Blog: Cutting Through the Noise

Uh-Oh CanadaPrint

Posted on November 28, 2012

By Scott Ronalds

Connor, Clark & Lunn, the manager of our Savings Fund and Income Fund, produces an outlook every month on the economy and capital markets. Their recent commentary on Canada is particularly clear, candid, and sobering. CC&L’s views on the US and China, on the other hand, are more optimistic. Below are a few excerpts from the report that, although lengthy, investors may find informative.

Canada

“Oh Canada” — one of the best places on the planet to live. Besides our civil society, Canada is a bastion of fiscal prudence and sound economic planning ... A lot of our good fortune has come from previous sound fiscal practices and we’ve been a big beneficiary of rising commodity prices which has shown up in our national accounts, employment trends and terms of trade. However, a closer look shows some cracks in this fiscal facade. Take for instance Canada’s debt picture. It is true that net federal debt as a percentage of GDP is only 33%, compared to an average of nearly 80% for the G7 countries, but when provincial liabilities are added into the equation the gross consolidated figure jumps to 103%. This puts Canada ahead of the UK, Germany, France and Spain and just behind the US at 105%.

Unfortunately, it appears that the fiscal situation is not going to get better any time soon … A weakening in commodity prices, a struggling manufacturing sector, and structural revenue issues related to previous cuts in the GST are largely to blame. Also, provincial governments are increasingly between a rock and a hard place because the vast majority of Canada’s social programs, such as health care, social assistance and education, fall under their jurisdiction. Rising costs in these sectors continue to run ahead of revenue gains at a time when the public has no appetite for tax increases.

Another crack in the fiscal facade is the state of the Canadian consumer who is increasingly becoming overleveraged (too much debt). This has largely come about because of the housing market. House prices have been on a rampage for over a decade, increasing by over 100% thanks to cheap and easily available financing. It has now got to the point that household debt to income ratios in Canada are well in excess of the levels reached in the US prior to the burst in their housing bubble … Of course any rise in interest rates will only exacerbate the situation and the virtuous circle of falling interest rates, rising home prices and increased economic activity will come undone.

The third crack in the fiscal facade is on the revenue line. From a historical perspective the secular move in commodity prices is extended in terms of its magnitude and duration and it increasingly appears that the secular bull market is coming to an end. The supply/demand equation is deteriorating and it appears that the financial demand for commodities as a hedge against depreciating currencies has largely run its course. Over the long term, relative pricing power has not resided with commodity producers but with those entities that bring the highest value added to the supply chain. These factors point to the eventual regression of prices back to the long-term declining trend that has occurred in real commodity prices over the past 200 years.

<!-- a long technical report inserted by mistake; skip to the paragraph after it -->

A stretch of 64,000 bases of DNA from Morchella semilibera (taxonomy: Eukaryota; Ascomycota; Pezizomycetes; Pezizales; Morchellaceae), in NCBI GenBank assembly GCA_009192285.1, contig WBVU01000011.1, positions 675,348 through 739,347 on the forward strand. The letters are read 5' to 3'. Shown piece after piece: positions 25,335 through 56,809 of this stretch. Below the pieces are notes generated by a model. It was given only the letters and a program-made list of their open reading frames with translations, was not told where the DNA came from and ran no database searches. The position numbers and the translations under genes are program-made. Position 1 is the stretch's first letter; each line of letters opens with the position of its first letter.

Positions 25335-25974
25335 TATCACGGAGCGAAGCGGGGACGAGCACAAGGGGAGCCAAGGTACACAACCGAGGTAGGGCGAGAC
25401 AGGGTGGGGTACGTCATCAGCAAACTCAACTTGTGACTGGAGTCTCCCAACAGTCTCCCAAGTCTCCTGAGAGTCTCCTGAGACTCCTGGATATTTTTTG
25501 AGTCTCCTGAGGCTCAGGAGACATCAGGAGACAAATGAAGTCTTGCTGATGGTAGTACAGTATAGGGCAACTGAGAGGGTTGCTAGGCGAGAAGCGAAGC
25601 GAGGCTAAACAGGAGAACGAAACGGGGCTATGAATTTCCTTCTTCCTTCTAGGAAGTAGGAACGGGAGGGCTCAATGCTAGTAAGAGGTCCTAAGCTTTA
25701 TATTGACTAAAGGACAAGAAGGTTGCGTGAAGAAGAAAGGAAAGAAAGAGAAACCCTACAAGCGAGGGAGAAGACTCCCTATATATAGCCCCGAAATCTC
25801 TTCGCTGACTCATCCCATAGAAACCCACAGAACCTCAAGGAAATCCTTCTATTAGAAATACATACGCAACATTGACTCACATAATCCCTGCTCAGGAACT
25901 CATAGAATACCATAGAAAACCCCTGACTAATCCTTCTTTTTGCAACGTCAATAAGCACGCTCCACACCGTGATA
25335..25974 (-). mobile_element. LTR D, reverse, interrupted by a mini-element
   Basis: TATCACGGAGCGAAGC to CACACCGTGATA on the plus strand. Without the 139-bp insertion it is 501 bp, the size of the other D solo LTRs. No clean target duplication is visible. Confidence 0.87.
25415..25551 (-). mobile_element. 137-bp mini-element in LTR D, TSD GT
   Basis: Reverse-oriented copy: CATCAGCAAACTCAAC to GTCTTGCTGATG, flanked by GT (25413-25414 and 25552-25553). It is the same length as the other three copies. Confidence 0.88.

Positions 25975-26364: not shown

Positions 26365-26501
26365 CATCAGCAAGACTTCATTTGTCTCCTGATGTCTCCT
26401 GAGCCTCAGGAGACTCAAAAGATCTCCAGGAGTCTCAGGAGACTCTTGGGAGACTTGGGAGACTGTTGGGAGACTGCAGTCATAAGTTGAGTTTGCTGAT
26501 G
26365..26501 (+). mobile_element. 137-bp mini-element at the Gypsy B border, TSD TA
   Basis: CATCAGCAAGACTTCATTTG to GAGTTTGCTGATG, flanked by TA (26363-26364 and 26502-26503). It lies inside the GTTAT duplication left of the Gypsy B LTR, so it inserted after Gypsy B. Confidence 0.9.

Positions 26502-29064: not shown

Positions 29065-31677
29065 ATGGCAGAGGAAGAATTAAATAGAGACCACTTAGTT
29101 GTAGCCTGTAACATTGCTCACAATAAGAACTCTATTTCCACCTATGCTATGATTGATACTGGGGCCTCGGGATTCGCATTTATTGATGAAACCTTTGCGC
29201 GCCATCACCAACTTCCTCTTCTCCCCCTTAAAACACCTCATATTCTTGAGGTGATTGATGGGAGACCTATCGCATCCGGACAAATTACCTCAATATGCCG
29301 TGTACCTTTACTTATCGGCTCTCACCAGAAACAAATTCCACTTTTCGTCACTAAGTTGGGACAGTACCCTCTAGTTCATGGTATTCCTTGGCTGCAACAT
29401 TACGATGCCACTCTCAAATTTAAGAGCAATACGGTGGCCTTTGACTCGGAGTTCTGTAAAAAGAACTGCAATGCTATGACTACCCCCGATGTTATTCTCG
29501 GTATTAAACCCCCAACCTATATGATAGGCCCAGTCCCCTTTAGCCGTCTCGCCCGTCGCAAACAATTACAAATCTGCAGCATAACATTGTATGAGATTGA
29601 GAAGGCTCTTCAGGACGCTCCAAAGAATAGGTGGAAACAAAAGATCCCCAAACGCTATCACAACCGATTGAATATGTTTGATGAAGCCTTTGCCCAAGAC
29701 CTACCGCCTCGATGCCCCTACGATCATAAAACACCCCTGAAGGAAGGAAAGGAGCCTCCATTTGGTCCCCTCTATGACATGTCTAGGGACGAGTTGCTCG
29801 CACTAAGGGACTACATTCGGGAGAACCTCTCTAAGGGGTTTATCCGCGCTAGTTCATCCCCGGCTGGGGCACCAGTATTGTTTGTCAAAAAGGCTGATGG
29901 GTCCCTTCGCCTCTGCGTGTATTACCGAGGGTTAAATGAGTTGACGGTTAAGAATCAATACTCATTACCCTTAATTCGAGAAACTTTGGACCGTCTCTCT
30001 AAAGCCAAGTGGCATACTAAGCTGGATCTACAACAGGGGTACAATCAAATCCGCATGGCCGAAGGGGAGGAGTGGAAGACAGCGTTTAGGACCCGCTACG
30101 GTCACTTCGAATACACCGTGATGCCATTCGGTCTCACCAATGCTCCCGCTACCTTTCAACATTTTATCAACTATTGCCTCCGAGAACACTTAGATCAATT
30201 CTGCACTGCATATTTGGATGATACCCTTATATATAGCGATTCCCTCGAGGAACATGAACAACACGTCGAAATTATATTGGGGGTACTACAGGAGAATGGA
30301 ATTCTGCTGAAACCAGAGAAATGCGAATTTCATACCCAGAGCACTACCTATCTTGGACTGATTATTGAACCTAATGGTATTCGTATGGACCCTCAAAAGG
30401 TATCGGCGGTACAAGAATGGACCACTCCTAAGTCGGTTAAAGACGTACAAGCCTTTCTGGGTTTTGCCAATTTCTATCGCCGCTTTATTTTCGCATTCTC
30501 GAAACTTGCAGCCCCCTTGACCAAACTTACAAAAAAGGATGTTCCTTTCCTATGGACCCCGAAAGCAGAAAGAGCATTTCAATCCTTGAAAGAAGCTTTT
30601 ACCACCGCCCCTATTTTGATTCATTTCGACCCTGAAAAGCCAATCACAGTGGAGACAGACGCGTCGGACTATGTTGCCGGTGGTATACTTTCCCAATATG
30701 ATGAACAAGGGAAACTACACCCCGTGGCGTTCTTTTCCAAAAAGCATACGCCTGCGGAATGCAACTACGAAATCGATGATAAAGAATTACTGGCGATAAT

The bottom line is that the state of Canada’s fiscal house is not as rock solid as one might think. Longer term this could have some negative ramifications if things continue on their current track. As such, we need to be vigilant in monitoring the housing market, commodity prices, productivity gains and the level of the Canadian dollar. All of these factors will impact the country’s fiscal position and in turn our future rate of economic growth and financial market returns.

The US and China

In terms of the US, while the looming fiscal cliff has the potential to push the economy into recession, we are still of the opinion that saner heads will prevail even if negotiations drag out to the very last minute. In the meantime, the underlying fundamentals for the US economy are relatively good. The Federal Reserve is in an accommodative mode and will remain so because there are no impending capacity constraints. Pent-up demand is huge, the housing market has turned, the employment picture is improving and consumer confidence is rising. In addition, American manufacturers are very competitive because of strong productivity gains, a weak dollar and low energy costs relative to the rest of the world. Finally, even the fiscal cliff may turn out to be a net positive (psychologically) if its resolution leads to the US budget being put on a sustainable path without unduly impeding economic growth.

A pickup in US growth will also be of benefit to China where there are now some early signs that the country will experience a soft landing. Money supply and credit growth have improved, monetary policy remains accommodative, investment in fixed assets is picking up, trade numbers are firming thanks to strength in both domestic demand and exports and the political leadership transition appears to have gone relatively smoothly.

While CC&L’s views on Canada’s fiscal house are temperate, the manager nonetheless has a positive outlook for stocks at home, and more so, abroad. They feel that valuations are attractive and the outlook for global growth is improving. The Canadian market outpaced many global markets over the past decade, but the tide always turns at some point, which is why geographic diversification is key. This is a message we have repeatedly been emphasizing and is reflected in the make-up of our funds.

Scott Ronalds

Scott Ronalds

Manager, Research & Communications

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